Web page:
Since this is a positive development, I, of course, have not seen this diaried on this site, except in Black Kos. I wanted to highlight this historic development, as it is one of the only significant financial settlements that tacitly acknowledge the second enslavement of African-Americans under Jim Crow, and of the betrayal of Native Americans through policies that stripped them of their lands.
I believe this is a monumental step in a generations old fight. President Obama will get to sign the settlement owed to Native American and Black Farmers.
By a vote of 256-152, the House today approved a $4.6 billion settlement in the Pigford-Cobell lawsuits. The settlement, which passed the Senate on Nov. 9, will now make its way to President Obama, who has long advocated for its passage.
The payout is twofold for two separate lawsuits: $3.4 billion will be awarded to American Indian claimants who were jilted out of resource royalties by the Department of the Interior, and $1.2 billion will go to African-American farmers who faced racial discrimination when applying for loans with the Department of Agriculture in the '80s and '90s.
New Communities, the farming collective that was ahead of its time, and that was part of Charles and Shirley Sherrods dream....
Charles Sherrod and his friends had an audacious dream.
In it, the descendants of slaves would live and work on a huge tract of land that they would own in common. They would build a new kind of farm-based community, with its own schools and hospital. They would raise and sell their own meat and produce.
They would be independent from the dominant white farming community -— and equal to it.
Their dream was called New Communities and, for a while, they struggled to live it. during the course of 15 years, the group bought and worked the largest black-owned tract of land in the nation -— 5,700 rolling Georgia acres, crisscrossed by streams and railroad sidings.
But in 1985, it all came crashing down. New Communities had declared bankruptcy. The land and equipment were sold at auction. Much of the farm was turned into subdivision lots.
Then, years later, the U.S. Department of Agriculture made an admission: It acknowledged years of systematic discrimination against black farmers, and began compensating them.
Now, New Communities board members who had met only once or twice a year to reminisce are gathering to discuss their legal claim against the government. Some are even eyeing available farmland, daring to hope that they can rebuild.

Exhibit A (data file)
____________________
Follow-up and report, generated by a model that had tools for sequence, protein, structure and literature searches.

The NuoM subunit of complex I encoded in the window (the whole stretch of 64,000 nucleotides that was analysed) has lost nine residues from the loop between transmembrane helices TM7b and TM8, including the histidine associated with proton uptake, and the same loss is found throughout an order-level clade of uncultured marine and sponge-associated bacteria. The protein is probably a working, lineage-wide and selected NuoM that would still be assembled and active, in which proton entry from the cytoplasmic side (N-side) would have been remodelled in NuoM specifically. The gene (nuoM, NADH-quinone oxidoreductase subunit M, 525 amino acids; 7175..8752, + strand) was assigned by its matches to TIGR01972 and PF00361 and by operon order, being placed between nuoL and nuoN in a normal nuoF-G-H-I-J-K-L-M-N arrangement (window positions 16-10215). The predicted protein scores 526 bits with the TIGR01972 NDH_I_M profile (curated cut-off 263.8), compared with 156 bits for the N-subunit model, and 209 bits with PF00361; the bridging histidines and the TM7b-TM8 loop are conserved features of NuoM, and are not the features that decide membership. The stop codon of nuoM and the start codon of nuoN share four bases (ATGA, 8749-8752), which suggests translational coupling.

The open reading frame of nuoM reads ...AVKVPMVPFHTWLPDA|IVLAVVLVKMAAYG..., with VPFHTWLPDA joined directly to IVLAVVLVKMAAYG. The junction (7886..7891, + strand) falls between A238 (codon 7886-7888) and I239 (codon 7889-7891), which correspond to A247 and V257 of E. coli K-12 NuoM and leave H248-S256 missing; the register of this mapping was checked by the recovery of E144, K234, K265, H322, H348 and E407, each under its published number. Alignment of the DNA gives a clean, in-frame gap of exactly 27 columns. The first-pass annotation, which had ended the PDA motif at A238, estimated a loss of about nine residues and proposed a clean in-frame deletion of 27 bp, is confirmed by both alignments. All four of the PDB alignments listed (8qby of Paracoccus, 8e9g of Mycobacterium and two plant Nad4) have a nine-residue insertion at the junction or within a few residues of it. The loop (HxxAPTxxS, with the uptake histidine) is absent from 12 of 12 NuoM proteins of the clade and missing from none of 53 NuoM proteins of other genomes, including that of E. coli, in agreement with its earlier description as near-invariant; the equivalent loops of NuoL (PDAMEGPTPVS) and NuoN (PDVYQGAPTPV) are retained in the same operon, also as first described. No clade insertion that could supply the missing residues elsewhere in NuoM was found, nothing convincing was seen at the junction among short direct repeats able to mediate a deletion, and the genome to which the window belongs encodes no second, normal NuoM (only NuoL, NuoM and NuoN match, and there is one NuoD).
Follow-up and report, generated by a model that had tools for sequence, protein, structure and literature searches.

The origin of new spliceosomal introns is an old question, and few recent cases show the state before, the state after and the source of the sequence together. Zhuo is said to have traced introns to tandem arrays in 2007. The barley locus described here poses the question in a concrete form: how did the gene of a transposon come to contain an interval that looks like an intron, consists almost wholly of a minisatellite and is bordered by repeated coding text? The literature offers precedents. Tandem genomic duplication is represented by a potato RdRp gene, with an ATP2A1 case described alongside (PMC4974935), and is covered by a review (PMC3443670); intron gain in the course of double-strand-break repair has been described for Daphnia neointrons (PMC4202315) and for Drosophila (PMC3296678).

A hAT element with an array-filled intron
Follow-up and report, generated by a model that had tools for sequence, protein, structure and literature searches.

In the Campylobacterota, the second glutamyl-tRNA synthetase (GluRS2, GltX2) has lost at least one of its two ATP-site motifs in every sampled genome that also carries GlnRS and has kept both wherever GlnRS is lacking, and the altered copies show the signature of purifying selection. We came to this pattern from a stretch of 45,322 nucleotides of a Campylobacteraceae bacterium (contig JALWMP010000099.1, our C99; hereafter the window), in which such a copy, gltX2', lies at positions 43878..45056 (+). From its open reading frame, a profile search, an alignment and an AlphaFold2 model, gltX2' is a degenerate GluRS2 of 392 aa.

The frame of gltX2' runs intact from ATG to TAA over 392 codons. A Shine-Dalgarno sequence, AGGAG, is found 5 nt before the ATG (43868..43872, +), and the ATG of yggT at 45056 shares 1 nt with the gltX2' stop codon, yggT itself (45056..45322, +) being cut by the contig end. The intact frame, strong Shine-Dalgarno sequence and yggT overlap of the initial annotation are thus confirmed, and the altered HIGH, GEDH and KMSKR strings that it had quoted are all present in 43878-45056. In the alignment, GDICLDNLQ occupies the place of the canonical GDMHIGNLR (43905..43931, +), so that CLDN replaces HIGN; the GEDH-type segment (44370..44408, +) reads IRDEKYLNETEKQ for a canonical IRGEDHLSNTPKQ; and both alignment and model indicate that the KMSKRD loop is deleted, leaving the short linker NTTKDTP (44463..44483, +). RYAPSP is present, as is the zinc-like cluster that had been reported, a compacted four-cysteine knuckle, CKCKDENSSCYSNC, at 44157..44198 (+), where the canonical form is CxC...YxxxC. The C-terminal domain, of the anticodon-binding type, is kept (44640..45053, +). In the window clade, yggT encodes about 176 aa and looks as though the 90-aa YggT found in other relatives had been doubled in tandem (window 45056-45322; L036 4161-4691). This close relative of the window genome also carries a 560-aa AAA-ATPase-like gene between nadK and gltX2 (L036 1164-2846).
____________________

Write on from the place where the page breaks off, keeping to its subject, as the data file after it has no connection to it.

Shirley Sherrod, Charles’ wife, never gave up hope.
‘’The dream is still there.’’
A community of equality
"I am pleased that today, the House has joined the Senate in passing the Claims Settlement Act of 2010," said Obama in a statement. "Yet, while today's vote demonstrates important progress, we must remember that much work remains to be done. And my Administration will continue our efforts to resolve claims of past discrimination made by women and Hispanic farmers and others in a fair and timely manner."
My family, who owns a farm and has since the Civil War,may benefit from this settlement. Thank you, Democrats and thank you Mr. President.
My thanks to Charles and Shirley Sherrod, two revolutionary activists who did not give up.
Earlier Tuesday, the U.S. House of Representatives gave final Congressional approval to a bill that would provide more than $4.55 billion to settle tens of thousands of longstanding claims brought by African-American farmers and American Indians.
This settlement provides $1.15 billion to African Americans left out of a 1999 settlement of a lawsuit, Pigford v. Glickman, which Sherrod referred to passionately during opening comments at the W.K. Kellogg Foundation discuss of the plight of black farmers in America.
"Sixty-thousand-plus farmers have been waiting all this time to get their claims filed, and I'm just really happy that we're finally getting to the point where something is happening," Sherrod said after speaking to a crowd of 130 people.
"This doesn't solve everything. But at least this brings some type of resolution to the matter. It's good to see that -- at the least -- this country will do something for these farmers out there who still need justice."